Friday, December 30, 2011

The Reading List: "Motoring with Mohammed"

Motoring with Mohammed: Journeys to Yemen and the Red Sea
Eric Hansen, 1992.

Despite more than a passing interest in geography, in places, and in the varieties of human experience, I’ve never been a big fan of travel writing. Part of the problem may just be that I am not crazy about travel itself. Travel broadens, as we all know, but it also narrows: a traveler generally travels to places that appeal to his or her interests and beliefs, and then concludes from this experience that the world is more or less in line with what was expected.

Then too, the reports of a traveler suffer hugely from a sort of uncertainty principle: travel writing can not really capture what a place is really like, because the place itself is distorted by the presence of the traveler. Does this sound flip? I’m not being flip. The next time you read a piece of travel writing, pay attention to how much of the text is spent describing the plans, motives, adventures, and discomforts of the person traveling, how much is spent describing an outsider’s reaction to novelty, and how very, very much is spent describing amusing or amused conversations between the traveler and the local people. What is left over, generally, is more than just setting but much, much less than a real understanding of a place.

Eric Hansen’s Motoring With Mohammed is an interesting book about Eric Hansen, set in Yemen. Hansen is a smart, resourceful man who spent an amazing youth wandering about the antipodes. Just as he was beginning to think about settling down, he had a truly remarkable adventure involving a shipwreck in the Red Sea, rescue by Eritrean goat smugglers, and a brief period stranded in what was then North Yemen. Later, in the hopes of recovering personal journals lost in the shipwreck, he would return to that country, have a variety of very colorful adventures, and interview a lot of expatriates about their own very colorful adventures.

They really are awfully colorful adventures, and Hansen’s workmanlike prose renders them effectively enough. I chuckled occasionally. I thought about how remarkable Hansen’s life seems to have been, and found myself occasionally weighing his life choices against my own. But I also found myself wondering from time to time why I was reading these stories. Eric Hansen has been in some amazing situations, for sure, but Eric Hansen is not my favorite uncle. These are the amazing stories of someone else’s favorite uncle.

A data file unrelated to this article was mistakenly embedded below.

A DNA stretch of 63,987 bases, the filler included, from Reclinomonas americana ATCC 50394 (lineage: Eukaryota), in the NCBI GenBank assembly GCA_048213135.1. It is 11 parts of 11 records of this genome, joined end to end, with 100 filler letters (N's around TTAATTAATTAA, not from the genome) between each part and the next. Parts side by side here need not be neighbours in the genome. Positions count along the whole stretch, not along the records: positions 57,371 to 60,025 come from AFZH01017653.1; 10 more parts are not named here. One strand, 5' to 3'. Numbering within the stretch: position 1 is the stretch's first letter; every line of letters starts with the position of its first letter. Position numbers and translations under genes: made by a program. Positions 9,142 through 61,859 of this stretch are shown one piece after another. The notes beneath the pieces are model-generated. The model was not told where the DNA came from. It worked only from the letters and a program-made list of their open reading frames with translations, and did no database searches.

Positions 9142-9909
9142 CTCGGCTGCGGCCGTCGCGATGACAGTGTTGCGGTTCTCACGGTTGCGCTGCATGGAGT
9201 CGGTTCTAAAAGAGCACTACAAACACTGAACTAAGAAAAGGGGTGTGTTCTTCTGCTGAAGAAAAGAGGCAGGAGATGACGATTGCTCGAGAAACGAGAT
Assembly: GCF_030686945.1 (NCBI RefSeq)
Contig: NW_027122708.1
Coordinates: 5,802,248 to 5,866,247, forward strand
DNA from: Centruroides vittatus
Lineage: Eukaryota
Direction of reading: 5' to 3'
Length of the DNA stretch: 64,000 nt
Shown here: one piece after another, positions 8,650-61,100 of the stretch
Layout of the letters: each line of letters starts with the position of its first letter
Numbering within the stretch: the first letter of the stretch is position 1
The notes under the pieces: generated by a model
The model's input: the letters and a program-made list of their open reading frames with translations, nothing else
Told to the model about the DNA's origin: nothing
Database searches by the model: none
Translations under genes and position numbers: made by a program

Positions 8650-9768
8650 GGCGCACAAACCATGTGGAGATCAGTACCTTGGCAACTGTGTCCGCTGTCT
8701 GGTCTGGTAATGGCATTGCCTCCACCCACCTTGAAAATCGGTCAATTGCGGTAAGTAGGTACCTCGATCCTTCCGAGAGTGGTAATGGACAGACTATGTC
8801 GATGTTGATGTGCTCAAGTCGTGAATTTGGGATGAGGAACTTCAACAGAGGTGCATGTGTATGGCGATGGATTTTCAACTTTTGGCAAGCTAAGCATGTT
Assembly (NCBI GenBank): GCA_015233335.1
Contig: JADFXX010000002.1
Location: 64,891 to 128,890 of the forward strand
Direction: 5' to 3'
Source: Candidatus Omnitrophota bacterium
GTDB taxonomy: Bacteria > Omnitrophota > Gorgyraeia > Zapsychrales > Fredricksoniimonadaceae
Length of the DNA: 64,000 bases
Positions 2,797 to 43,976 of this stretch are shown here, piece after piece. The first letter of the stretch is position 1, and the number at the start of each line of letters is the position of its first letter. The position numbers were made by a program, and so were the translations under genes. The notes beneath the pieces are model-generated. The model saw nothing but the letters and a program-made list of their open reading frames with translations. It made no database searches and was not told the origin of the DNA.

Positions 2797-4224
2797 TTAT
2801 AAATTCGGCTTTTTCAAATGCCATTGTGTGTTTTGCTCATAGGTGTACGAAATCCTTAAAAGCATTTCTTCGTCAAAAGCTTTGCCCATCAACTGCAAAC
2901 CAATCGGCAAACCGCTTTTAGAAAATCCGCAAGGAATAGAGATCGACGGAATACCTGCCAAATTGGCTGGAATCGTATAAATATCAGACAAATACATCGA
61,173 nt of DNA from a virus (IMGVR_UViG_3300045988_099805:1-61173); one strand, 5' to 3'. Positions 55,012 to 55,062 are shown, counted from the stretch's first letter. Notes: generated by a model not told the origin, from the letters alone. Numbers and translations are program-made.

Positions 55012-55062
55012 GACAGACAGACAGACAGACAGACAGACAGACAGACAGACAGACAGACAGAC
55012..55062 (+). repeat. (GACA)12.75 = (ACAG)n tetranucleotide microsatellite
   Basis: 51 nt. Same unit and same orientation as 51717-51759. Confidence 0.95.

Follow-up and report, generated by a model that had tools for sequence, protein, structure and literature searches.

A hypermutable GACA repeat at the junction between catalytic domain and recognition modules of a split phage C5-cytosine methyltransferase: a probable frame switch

Let’s be fair. To be sure, I found the glimpses of Yemen and Yemeni life very interesting. I found myself digging out various maps of Yemen. In fact, my threshold of interest has been raised to the point where, if I were to encounter a book about Yemen, or better yet a book FROM Yemen, I might toss it onto the pile.

There are two technical flaws to Motoring With Mohamed that are grievous enough to be worth mentioning. The first is that, in a book about a man wandering around North Yemen having adventures, there is a map of North Yemen… following the final page. I salute the decision to include the map, but it would have been nice to know it was there while I was still reading the book.

Secondly, the title is unfortunate. If it is intended to be read literally, it refers to a single trip made in the company of a man named Mohammed that occupies considerably less than one-tenth of the book. If, on the other hand, it is supposed to suggest that this book captures some sort of essence of what it is like to travel within the Islamic world, than it is patently delusional. If it is Hansen’s own title, I’d love to know what he was thinking, but I kind of suspect that it’s just a set of words that a meeting at the publishing house thought would be jaunty enough to sell a book of real-life adventure stories set in the southern mountains of the Arabian Peninsula.

1 comment:

Voron X said...

My absolutely favorite travel journalist/journey-vidologue is Anthony Bourdain's No Reservations. I feel that he really does a great job of seeking out the authentic side of the country, largely by means of that most basic and connecting aspect of the human story: food. Through the food, he introduced you to a culture. Also, he's sardonic, sometimes crass, and witty as hell.